Okay, this one baffled me. Why ON EARTH would we even mention the suspension??? First of all, the book was done at least a month before The Photo was leaked to the press. Secondly, it's a KID'S BOOK. It's ludicrous to think that something of that nature would even be mentioned in a children's book! Third...well, there's no third. That's all I got, but it's enough to go on. No more explaining needs to be done, don't you think? I know that the reviewer was probably trying to make a joke, but still. The last line is nice, though. Have to give 'em credit for that.
"Gold medalist Phelps takes readers through the regimen he kept for six years that eventually led him to eight gold-medal victories at the 2008 Summer Olympics. Digitally rendered cartoon-style artwork depicts Phelps going through his training activities juxtaposed with the representations of comparable activities and measurements. This puts his activities into terms that young children can understand: six years equals a kindergartner’s whole life; his daily three-hour nap equals three whole summer vacations; and so forth. The title and the cover, showing Phelps working out with a dinosaur, are misleading, as the T. rex is only mentioned as a comparison to show the strength of Phelps’ legs: “I could leg-press a Tyrannosaurus Rex and 10 velociraptors!” This will not win any medals, but it is deserving of an audience. Share with children who enjoy How Much Is a Million? by David M. Schwartz (1985), or Mount Olympus Basketball, by Kevin O’Malley (2003)." — Randall Enos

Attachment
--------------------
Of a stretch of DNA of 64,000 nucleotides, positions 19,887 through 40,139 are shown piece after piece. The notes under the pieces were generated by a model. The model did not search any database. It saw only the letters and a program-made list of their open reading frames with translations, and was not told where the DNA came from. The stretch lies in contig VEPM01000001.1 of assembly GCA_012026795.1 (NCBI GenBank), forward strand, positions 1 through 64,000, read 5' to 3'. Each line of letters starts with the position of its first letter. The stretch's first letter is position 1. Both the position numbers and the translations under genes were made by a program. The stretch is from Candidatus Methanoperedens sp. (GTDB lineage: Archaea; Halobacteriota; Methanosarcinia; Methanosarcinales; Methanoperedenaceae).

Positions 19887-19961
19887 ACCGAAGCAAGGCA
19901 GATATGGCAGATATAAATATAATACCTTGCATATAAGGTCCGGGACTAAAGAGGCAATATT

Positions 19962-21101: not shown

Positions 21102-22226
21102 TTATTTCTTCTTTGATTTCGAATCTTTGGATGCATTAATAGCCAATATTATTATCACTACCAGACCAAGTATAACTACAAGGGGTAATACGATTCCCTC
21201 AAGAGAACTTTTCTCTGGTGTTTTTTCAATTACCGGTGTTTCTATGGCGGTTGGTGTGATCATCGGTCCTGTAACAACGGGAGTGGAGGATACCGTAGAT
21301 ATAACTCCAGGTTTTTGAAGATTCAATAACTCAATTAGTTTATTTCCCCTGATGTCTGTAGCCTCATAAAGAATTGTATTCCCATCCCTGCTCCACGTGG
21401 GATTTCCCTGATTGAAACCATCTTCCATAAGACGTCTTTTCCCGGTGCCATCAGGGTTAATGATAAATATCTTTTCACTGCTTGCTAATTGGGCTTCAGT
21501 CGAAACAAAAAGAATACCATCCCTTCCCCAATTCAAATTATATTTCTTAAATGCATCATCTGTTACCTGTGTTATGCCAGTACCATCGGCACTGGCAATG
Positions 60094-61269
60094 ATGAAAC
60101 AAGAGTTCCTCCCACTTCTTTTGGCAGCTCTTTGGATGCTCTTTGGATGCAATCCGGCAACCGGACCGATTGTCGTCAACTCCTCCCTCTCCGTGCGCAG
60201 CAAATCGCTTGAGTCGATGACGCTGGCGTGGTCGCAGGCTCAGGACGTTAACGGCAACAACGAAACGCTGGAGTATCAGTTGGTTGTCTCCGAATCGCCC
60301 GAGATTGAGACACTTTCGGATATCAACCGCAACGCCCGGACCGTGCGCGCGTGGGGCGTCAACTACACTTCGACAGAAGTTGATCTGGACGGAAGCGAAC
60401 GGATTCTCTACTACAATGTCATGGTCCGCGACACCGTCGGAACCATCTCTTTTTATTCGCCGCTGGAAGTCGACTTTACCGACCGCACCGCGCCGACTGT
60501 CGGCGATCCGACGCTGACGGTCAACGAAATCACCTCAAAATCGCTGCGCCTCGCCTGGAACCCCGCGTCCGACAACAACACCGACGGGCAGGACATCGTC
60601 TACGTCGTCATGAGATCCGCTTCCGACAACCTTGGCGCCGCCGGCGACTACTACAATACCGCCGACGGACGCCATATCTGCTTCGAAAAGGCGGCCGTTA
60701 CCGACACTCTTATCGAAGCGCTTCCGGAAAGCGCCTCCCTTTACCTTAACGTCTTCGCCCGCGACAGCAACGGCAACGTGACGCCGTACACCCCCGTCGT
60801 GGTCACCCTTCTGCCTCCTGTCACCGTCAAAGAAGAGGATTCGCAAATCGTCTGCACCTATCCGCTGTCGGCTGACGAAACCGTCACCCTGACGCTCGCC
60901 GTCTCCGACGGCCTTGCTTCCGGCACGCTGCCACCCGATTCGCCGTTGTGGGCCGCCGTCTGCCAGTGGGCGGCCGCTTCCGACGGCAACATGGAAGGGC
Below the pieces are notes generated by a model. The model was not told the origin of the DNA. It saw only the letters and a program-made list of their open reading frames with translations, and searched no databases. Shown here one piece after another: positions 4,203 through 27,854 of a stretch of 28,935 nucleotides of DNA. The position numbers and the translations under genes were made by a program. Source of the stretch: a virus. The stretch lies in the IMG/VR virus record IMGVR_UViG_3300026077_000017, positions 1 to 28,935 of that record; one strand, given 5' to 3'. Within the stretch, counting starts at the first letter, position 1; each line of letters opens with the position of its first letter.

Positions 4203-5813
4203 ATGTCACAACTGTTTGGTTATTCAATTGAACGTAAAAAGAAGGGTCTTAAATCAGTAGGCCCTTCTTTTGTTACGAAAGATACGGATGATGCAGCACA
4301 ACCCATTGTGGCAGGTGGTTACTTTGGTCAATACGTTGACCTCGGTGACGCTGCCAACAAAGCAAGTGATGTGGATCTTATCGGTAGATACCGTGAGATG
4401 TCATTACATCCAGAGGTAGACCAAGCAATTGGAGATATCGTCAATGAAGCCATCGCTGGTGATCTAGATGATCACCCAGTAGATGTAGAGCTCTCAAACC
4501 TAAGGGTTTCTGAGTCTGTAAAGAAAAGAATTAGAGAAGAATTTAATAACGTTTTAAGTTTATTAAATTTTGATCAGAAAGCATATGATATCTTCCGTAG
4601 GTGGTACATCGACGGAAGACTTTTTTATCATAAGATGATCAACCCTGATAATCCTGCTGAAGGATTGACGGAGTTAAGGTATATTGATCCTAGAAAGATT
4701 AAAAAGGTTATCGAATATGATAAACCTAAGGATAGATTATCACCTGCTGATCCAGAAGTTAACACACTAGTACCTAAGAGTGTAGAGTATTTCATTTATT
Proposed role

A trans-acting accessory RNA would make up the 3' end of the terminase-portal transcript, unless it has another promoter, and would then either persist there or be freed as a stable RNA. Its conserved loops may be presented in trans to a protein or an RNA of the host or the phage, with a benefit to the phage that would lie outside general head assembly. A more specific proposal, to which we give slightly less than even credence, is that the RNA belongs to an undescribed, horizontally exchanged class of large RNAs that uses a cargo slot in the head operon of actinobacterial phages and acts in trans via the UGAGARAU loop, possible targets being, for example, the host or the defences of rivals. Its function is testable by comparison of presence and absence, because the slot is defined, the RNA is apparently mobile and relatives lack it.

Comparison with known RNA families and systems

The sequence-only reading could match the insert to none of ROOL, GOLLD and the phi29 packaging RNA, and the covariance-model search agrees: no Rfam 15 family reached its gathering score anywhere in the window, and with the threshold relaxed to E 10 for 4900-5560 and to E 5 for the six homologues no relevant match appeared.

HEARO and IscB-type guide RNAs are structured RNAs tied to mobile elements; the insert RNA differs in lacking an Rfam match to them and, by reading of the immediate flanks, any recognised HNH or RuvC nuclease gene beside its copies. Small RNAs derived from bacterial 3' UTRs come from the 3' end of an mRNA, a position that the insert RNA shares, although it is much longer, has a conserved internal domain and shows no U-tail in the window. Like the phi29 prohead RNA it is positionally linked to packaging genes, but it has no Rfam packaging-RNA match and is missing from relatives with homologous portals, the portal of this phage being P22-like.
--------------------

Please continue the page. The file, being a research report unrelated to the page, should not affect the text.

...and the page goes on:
Baltimore Sun's Kevin Van Valkenburg has the best one I think so far:
8 gold medals not child's play, but Phelps' tome for tots is.
The entire review is a little long, so here are some excerpts:
"I wanted to make a bunch of jokes about a cartoon version of Phelps telling a cartoon Ms. California that everyone deserves the right to get married, and reminding kids that cell phone cameras will be confiscated every time he and his cartoon posse walk into a room.
But the truth is - and maybe this is the result of having a kid of my own on the way - I kind of liked it. There isn't exactly a narrative there, and the inclusion of a Tyrannosaurus Rex makes very little sense, even in the illogical world of children's books. But it has a nice message and some cool illustrations by Ward Jenkins."